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Book review: Testable JavaScript

I recently (finally) finished a technical book I’ve been working through since December, Testable JavaScript.

About the book

Most of all I enjoyed the writing style of the book. The author had a very casual tone that made it easier to read than other technical books that I’ve attempted to read, and while that’s less related to the content, writing a technical book that I can stand reading gets an author so many points.

One of the things I liked about the book that I’d also use as the major criticism is that it has a broad range in topics. Topics include: unit tests, integration tests, code complexity, code coverage, event-based programming, debugging, and automation. I categorize all of those as things I’m happy to learn more about, but sometimes the segue was a little shaky. Another downside (for me) – a lot of the testing examples were with YUI, something I don’t use, well, ever.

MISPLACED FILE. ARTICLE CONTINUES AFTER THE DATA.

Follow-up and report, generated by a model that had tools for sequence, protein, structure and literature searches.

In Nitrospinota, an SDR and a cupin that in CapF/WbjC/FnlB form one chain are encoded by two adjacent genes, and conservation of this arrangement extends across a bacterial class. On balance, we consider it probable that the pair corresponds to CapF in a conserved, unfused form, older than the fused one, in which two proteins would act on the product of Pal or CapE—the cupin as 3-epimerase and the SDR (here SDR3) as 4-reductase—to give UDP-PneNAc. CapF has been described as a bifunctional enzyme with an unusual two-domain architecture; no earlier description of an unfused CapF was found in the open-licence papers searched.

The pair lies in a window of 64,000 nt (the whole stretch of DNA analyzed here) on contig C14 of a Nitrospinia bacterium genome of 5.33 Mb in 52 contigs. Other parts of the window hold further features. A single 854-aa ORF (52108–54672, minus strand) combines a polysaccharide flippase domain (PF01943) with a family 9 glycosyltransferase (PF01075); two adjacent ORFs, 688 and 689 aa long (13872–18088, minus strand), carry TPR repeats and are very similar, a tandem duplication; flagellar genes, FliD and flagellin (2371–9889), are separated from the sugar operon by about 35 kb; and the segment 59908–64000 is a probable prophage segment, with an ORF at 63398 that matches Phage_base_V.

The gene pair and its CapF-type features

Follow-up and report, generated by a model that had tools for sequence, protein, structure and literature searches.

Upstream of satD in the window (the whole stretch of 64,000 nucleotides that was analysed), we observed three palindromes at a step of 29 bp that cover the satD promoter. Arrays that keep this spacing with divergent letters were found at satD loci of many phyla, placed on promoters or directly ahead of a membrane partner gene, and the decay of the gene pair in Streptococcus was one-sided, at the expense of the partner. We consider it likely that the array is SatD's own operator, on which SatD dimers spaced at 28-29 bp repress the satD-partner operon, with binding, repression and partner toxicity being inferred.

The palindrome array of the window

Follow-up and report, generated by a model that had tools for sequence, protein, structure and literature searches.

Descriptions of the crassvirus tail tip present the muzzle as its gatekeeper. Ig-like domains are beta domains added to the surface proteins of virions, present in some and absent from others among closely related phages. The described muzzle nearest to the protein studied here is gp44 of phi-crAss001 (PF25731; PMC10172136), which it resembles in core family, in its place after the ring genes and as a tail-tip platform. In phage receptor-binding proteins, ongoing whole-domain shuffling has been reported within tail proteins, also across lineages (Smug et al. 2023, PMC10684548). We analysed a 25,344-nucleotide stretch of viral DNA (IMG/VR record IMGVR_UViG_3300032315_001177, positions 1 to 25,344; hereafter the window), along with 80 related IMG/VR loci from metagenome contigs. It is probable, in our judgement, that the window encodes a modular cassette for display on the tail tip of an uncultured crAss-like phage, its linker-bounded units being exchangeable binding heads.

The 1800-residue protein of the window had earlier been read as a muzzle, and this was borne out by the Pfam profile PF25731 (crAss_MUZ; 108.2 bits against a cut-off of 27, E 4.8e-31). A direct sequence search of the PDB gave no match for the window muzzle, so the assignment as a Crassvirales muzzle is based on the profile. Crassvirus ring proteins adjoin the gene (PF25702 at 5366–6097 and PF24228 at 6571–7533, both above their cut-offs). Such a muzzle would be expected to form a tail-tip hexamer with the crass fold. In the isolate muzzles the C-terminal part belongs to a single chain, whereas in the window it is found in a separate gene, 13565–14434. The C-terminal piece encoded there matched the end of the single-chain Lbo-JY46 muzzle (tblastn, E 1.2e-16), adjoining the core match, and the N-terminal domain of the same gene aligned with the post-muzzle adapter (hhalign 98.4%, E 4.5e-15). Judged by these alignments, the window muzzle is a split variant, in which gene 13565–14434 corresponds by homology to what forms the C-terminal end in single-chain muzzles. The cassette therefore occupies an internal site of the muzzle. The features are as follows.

On testing

Last month, I led Code Retreat with my friend Jearvon and had a good number of JavaScript developers writing their first ever test (yay!).   Anecdotally, I feel like testing is just not as common among JS people, and I’m very interested in seeing testing come up more often JavaScript circles. I suppose the topic could be old hat; people who’ve been writing software for a while at least know that they should be writing tests, even if that’s not in practice. Thoughts? Should there be more education about testing in JS?

One Reply to “Book review: Testable JavaScript”

  1. yes, more js testing, please. especially for people who are beginners to testing in general, or have only done rspec model/controller testing.

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